Wannabe rocker Marty McFly accidentally travels back in time (via his pal Doc Brown’s Delorean) to the year 1955. Problems arise when his giddy mother unexpectedly falls for him, (changing the course of his future). Marty is forced to do everything he can to get his parents to fall in love before he disappears from existence. On his journey he is assisted by the 50’s version of Doc who agrees to help send him Back to the Future.
Back to the Future is nowhere near the greatest film of all time. That being said, it sure is the most fun and entertaining. Just imagine being thrust back in time to meet your own parents when they were the same age as you. That was the idea put forward by writer Bob Gale when he found his parents’ old yearbook. BTTF re-teamed Gale with his ‘Used Cars (1980)’ director, Robert Zemeckis, and was produced by Steven Spielberg, who both men had written ‘1941 (1979)’ for the previous year. Unfortunately both films had been critical and box office flops. Luckily something about this time-travel comedy was different. Not only was it a comedy, it was also an action/sci-fi,/romance movie all rolled into one that crossed genres.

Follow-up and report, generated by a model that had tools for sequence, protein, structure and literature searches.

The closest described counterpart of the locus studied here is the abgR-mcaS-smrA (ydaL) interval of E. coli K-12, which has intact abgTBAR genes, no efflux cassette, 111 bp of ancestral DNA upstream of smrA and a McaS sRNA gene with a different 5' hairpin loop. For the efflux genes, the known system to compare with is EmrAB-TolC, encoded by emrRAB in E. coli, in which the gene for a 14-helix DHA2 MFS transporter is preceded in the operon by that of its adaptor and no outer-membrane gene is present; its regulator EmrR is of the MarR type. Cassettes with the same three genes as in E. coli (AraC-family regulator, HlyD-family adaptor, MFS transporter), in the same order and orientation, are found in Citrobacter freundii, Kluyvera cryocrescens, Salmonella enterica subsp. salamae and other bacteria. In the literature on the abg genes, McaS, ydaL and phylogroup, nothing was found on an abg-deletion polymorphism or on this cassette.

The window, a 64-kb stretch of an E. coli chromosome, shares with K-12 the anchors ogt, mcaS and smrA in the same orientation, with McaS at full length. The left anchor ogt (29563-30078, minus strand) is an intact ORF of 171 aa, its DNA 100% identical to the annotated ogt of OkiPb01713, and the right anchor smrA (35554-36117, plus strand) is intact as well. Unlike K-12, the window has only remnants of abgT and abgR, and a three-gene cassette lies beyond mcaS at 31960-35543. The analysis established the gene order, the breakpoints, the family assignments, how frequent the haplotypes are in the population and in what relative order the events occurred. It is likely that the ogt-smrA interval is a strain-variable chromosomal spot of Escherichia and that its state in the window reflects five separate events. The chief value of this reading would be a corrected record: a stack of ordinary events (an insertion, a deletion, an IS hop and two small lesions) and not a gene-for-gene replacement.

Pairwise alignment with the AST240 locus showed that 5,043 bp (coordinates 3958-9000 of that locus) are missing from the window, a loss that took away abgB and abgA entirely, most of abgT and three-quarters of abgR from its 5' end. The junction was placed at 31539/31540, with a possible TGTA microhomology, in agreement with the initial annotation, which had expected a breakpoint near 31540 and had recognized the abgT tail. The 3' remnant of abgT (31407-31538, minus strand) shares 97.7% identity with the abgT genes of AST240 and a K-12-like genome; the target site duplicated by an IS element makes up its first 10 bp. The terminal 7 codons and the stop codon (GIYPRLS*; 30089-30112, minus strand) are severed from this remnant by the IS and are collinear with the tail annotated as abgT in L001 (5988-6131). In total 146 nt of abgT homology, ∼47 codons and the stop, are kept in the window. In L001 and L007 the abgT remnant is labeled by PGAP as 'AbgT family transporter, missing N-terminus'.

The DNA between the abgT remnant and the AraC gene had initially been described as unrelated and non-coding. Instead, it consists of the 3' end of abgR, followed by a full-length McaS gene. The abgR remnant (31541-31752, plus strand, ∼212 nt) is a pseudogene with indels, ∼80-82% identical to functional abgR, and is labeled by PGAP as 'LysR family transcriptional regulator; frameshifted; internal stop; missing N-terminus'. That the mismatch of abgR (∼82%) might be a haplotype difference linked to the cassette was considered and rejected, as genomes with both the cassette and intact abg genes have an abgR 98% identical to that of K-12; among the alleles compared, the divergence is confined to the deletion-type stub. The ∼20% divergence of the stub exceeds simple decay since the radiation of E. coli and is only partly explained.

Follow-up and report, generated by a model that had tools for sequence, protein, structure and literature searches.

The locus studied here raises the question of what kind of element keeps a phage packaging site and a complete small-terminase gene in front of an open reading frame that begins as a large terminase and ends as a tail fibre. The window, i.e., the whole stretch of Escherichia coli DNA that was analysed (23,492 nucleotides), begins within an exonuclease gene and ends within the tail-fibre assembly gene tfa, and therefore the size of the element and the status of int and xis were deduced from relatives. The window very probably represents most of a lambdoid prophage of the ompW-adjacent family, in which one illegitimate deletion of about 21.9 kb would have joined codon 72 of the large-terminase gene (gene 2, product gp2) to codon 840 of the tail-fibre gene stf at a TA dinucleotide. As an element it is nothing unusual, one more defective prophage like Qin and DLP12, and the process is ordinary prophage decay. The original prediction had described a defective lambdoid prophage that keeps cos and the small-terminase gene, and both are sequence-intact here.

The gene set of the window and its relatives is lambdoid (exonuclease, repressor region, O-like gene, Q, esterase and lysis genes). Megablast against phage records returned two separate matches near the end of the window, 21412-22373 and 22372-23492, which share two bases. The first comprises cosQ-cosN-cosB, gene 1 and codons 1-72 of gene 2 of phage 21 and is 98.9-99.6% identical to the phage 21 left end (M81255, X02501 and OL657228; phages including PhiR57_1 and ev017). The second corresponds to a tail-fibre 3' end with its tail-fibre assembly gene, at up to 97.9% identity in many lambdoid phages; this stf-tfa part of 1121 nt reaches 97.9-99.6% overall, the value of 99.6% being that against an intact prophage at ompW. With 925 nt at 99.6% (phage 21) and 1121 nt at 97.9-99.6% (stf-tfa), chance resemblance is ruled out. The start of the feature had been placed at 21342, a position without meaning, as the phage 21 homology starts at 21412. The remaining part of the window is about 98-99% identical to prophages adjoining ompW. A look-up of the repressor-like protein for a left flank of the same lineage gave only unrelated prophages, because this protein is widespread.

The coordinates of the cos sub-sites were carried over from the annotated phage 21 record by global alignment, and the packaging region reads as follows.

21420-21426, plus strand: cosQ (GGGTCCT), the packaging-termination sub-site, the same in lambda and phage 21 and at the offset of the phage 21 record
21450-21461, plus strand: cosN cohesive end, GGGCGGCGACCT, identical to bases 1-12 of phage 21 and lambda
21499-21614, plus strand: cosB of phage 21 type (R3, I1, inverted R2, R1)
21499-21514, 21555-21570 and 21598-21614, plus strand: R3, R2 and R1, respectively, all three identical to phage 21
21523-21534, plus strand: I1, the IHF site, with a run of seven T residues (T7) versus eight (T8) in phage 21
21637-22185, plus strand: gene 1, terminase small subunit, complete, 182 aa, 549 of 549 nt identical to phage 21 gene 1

The teenaged protagonist of the story Marty McFly, is played perfectly by a then 23 year-old Michael J. Fox. The first glimpse we see of him are his white Nike runners with the classic red swoosh as he enters Doc Brown’s garage. A garage filled with clocks of every make and model. What else would you expect in a time-travel movie? As the film progresses, we learn more about the character of Marty, the wannabe rockstar with his band the Pinheads and avid skateboarder (a skill that comes in handy back in 1955 AND in 2015 for the sequel). However, his hopes for rockstar status are soon diminished when a judge for the high school dance tells him he’s “just too darn loud”. That judge is portrayed by none other than Huey Lewis, the singer of two tracks featured on the soundtrack.
The mentor to Marty is the illustrious, self-proclaimed inventor, Dr. Emmett Brown (as played by Christopher Lloyd). Thought to be a quack by most, he finally fulfills his dream of actually inventing something that works, a time machine built out of a DeLorean. The idea came to him after hitting his head while hanging a clock in his bathroom. When he awoke, it came too him…the Flux Capacitor, which is what he discovers makes time-travel possible. Unfortunately his first trip to the future is cut short when he is shot down by a group of Libyans (the guys he got the plutonium to build his time vehicle from).
The antagonist comes in the form of Biff Tannon (played by the surprisingly nice Thomas F. Wilson). He begins the story as more of a slight annoyance when he crashes the McFly family car and blames it on a blind spot in the windshield. Upon Marty’s journey to the past, Biff becomes a huge thorn in his side as he turn out to be just as big a bully in the past as he is in the future.